Zom: Graphics and detail within Black Flag were nothing short of the finest work and hour for Ubisoft. The crystal clear imaging and seamless flow of pixels brings the whole gaming package full circle. I dont own a PS4 but had a chance to play it at a friend’s house and, gaming family, let it be told that the full HD 1080P framing was one religious experience. Not forgetting Eddy’s fashion, his outfits are totally authentic to the time period and done with such beauty, that it could simply never be featured in any magazine or catwalk in New York. Move over, Tara! As for the Microsoft side of things, the Bishop has thus yet to partake in the Xbox One world to see how she rates up, but in Moody we trust (or, at least for the moment, we have to). But, otherwise, from the YouTube vids I saw, let’s just say the fight is pretty equal thus far.
Moody: Bishop, did you try the AC4 companion app for your smartphone or tablet? You can basically have the maps right on your lap while crusing the seven seas, making it easier to browse through your Animus without having to constantly hit the menu (or start/select) buttons. The only problem I had with the app though, since I play the majority of my video games doing 100 other things at once, is that my tablet battery quickly went to hell with it on. On Thanksgiving, I wasn’t ready for that..and had to resort back to tradition once my Nexus needed a good 2-hour charge.
Actual gameplay negatives? This is still an Assassin’s Creed game. That means you’re still tasked with conquering similar objectives throughout Black Flag‘s vast world. Although there’s far more disparity than previous installments, repetition still takes its course. Of course, capturing treasure has never been more satisfying (because now I’m a pirate, goddammit!), but chasing musical notes flat-out sucks. I didn’t bother. At least the animus pieces were OK to find, because they offered a moderate challenge of craftier jumps and necessary leaps.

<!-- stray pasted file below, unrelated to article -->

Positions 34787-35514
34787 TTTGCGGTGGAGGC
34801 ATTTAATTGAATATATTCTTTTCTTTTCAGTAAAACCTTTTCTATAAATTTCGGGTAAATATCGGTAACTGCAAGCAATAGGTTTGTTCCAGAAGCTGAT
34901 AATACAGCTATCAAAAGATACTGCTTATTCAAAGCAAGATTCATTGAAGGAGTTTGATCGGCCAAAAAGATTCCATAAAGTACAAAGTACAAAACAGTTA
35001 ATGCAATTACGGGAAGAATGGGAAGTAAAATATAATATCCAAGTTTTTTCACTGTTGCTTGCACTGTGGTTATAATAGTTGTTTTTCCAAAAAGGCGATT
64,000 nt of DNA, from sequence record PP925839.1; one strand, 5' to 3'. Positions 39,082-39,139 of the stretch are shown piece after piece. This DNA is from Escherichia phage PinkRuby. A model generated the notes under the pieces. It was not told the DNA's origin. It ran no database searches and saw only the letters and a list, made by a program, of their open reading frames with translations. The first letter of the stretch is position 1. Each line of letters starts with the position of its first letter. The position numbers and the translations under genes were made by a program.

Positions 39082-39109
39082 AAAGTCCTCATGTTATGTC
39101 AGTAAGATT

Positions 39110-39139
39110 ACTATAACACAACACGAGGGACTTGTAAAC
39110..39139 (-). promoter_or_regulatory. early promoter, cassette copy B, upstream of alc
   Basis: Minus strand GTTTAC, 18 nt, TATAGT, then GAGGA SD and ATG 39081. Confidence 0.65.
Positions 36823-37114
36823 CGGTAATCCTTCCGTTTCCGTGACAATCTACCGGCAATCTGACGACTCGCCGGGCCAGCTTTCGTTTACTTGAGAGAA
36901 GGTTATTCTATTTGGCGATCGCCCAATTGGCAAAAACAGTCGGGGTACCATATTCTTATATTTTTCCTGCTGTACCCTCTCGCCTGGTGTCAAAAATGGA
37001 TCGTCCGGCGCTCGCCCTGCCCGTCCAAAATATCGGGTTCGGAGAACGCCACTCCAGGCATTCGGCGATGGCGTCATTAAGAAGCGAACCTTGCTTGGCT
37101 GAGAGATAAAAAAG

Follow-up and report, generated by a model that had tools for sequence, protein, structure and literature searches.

The sections of the map where Kenway must creep on the higher society fools through well-guarded areas — for exhausting amounts of time — are definitely hit-and-miss. Most of this eavesdropping exposition is a bore; you’ll either quickly disperse of your pending victim, or be forced to reply these moments over and over. I’m not going to lie; I zoned out through a lot of the following cinematic moments, despite the rest of the story holding me over for the most part. Did you bother with much of the non Animus, first-person quests at Abstergo? I’m just glad the game didn’t boggle down too much into the modern day, despite the nice breaks in the swashbuckling action.
Zom: No tablet functions for me, nor multiplayer just yet. The campaign is just too vast and cumbersome. For whatever reason, I didn’t have as much of a problem with the flaws you described. Maybe I’m a creep… In all, I must bless Black Flag with the absolute highest honor, going with the instant classic 5 (out of 5) Bibles. If you’re a loyalist to the series or even a noob, do yourself the favor and immerse yourself within the Assassins Guild and become one of the family. It’s a Definite Sin from yours truly, if you dont. Til’ then, we are waiting to set sail with our new crew!
Moody: Ahoy, mateys! Blessed our thou, sir Bishop!!! Look, man, Call of Duty: Ghosts may have sold the most, Forza Motorsport 5 may have scored the highest, FIFA 14 may have had the most world class, and Dead Rising 3 may have the most new fans, but it’s clear nothing next-gen can hold the weight of Kenway’s wretched path. With over 100-hrs of possible gameplay, Assassin’s Creed IV: Black Flag is easily the most bang for your buck, the finest all-around next-gen title on the market, and one of the very best games of the year. It now looks like a genius play on Ubisoft’s behalf to pull back (early company favorite) Watch_Dogs, especially considering a similar game in GTA V was dominating the charts. WD can now make its impact at a later date, with Ubi manning all of their focus, all of their marketing love and all of their next-gen attention to Black Flag. So just imagine.. what many were close to deeming a watered down frachise, only began to find its ultimate stride sitting on top of the barren seas itself. 4.25 Bibles. I know I’m breaking my own scoring laws here, because it could only see fit becoming the one and only Grand Theft Pirate.